On December 16, 1952, head of Soviet leader Joseph Stalin's security, General Nikolay Vlasik, was arrested for high treason.
For many years, Vlasik was the personal bodyguard to Stalin and the longest serving of his guard chiefs. Assigned to the leader in 1927, not only did he become the head of security, Vlasik in essence was a member of Stalin's family and one of the closest people to the leader, possessing immense power behind the scenes. After the death of Stalin's wife, Nadezhda Alliluyeva, he was the tutor for Stalin's children and virtually in charge of raising them.
Vlasik was truly loyal to Stalin. He is said to have disobeyed him only once. It happened during a German air attack when several bombs fell on the territory of the Kremlin. Stalin threw on his coat so he could run outside to see what had happened. Vlasik blocked the doorway and refused to let him pass. “You don't work for me anymore,” said Stalin. Vlasik was prepared to accept this. The next day Stalin's anger had changed to affection and Vlasik stayed on.
He remained Stalin’s closest confidant up until he removed him from his position on that day in 1952. After his arrest, Vlasik was mercilessly beaten and tortured. His desperate letters to Stalin protesting his innocence remained unanswered. He was accused of abusing his authority, embezzling large sums of state money and valuables. He was convicted, deprived of his general rank and banished for ten years to Krasnoyarsk.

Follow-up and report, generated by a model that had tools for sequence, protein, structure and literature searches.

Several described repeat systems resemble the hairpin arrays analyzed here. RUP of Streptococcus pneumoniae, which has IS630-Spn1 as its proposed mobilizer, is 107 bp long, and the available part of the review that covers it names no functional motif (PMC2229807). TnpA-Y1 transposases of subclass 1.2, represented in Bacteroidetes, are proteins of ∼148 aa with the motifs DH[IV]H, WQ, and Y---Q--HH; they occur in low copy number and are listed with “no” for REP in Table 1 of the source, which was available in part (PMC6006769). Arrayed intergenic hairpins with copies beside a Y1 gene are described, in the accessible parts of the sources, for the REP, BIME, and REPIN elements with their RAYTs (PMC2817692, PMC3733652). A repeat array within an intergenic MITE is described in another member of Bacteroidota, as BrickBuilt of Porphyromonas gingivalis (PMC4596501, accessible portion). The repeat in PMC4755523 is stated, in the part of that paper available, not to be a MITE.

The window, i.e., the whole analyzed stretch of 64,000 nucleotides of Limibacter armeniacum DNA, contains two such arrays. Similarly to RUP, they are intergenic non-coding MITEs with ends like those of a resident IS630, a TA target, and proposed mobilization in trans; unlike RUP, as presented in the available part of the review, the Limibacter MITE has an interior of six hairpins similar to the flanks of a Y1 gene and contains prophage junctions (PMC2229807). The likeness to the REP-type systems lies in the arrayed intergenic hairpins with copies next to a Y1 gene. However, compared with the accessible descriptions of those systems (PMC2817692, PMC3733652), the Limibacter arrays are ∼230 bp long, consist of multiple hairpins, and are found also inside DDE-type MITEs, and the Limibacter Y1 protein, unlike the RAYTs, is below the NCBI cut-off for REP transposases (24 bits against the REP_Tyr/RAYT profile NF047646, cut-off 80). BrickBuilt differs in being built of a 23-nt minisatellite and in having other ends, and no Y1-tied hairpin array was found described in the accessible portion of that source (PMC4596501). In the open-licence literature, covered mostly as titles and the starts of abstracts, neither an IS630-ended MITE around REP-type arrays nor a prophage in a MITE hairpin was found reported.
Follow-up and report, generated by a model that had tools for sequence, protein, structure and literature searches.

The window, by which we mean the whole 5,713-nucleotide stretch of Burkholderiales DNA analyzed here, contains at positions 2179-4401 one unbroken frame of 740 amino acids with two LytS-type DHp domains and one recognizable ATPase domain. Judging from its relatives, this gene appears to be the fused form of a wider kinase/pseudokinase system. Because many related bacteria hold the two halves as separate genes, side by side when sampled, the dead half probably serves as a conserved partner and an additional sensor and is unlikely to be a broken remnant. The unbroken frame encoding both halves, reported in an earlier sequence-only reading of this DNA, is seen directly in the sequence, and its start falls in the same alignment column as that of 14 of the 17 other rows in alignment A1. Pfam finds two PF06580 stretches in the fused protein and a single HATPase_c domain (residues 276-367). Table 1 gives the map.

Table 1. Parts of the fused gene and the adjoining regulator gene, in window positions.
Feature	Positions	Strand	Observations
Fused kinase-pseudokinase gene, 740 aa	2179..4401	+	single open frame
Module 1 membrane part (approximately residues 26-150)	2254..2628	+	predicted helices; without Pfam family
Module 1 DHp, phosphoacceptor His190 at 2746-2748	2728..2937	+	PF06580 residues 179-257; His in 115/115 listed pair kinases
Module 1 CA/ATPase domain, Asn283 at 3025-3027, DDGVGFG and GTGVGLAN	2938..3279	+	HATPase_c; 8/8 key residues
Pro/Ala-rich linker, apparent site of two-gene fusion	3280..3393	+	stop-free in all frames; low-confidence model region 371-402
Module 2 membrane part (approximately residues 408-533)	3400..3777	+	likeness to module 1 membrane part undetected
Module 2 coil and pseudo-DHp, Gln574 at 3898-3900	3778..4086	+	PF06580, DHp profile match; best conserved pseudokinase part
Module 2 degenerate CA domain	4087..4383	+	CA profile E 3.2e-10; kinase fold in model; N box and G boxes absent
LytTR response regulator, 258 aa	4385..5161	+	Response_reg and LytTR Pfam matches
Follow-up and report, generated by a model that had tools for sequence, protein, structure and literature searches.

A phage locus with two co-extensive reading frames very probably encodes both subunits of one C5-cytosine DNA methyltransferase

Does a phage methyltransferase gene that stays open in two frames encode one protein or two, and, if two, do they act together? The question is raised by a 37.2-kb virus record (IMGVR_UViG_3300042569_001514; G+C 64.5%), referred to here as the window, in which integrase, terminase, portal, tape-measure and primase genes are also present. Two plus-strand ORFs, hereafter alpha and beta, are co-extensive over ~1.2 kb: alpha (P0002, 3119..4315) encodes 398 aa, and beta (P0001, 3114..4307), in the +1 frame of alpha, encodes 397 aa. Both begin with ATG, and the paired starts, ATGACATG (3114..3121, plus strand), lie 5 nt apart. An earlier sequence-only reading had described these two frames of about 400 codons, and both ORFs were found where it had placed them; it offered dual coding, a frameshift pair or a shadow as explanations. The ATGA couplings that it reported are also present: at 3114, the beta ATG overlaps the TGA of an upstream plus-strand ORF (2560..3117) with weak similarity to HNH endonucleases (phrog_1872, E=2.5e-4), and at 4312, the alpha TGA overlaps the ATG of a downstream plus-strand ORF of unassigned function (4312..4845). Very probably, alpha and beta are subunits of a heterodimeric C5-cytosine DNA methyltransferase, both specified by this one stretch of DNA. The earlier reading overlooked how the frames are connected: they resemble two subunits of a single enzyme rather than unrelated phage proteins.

Stalin died several months after Vlasik's arrest, on March 5, 1953. The official cause of his death was listed as a cerebral hemorrhage (stroke). However it has been suggested that Stalin was poisoned in a plan masterminded by NKVD (People’s Commissariat for Internal Affairs) chief Lavrenty Beria.
It has been said that Beria had been laying the groundwork for sometime in order to liquidate Stalin by getting rid of Vlasik and all those in Stalin's personal guard who were particularly devoted to him. It is believed that Vlasik was arrested on the basis of false charges fabricated by Beria and member of the Politburo (Political Bureau of the Central Committee of the Communist Party of the Soviet Union) Georgy Melnikov.
Vlasik's daughter Nadezhda had said in 2003 interview “He (Vlasik) was in the way of Beria getting to Stalin, because my father would have never let him die. He would not have waited days behind the door, like those guards on March 1, 1953, waiting for Stalin to ‘wake up’.”
According to his wife, Vlasik was convinced that Beria “helped” Stalin die.
By amnesty in 1953, Vlasik's term was reduced to five years, and in 1956, Vlasik was pardoned through the reversal of his previous conviction.
In his autobiography Vlasik wrote, “I have been severely offended by Stalin. For 25 years of doing an excellent job, with promotions and awards, I have been excluded from the party and thrown into prison. For my boundless devotion he put me into the hands of the enemies. But never, not for one minute, no matter what state I was in, to what abuse I was exposed to while in prison, had I in my soul any harm against Stalin.”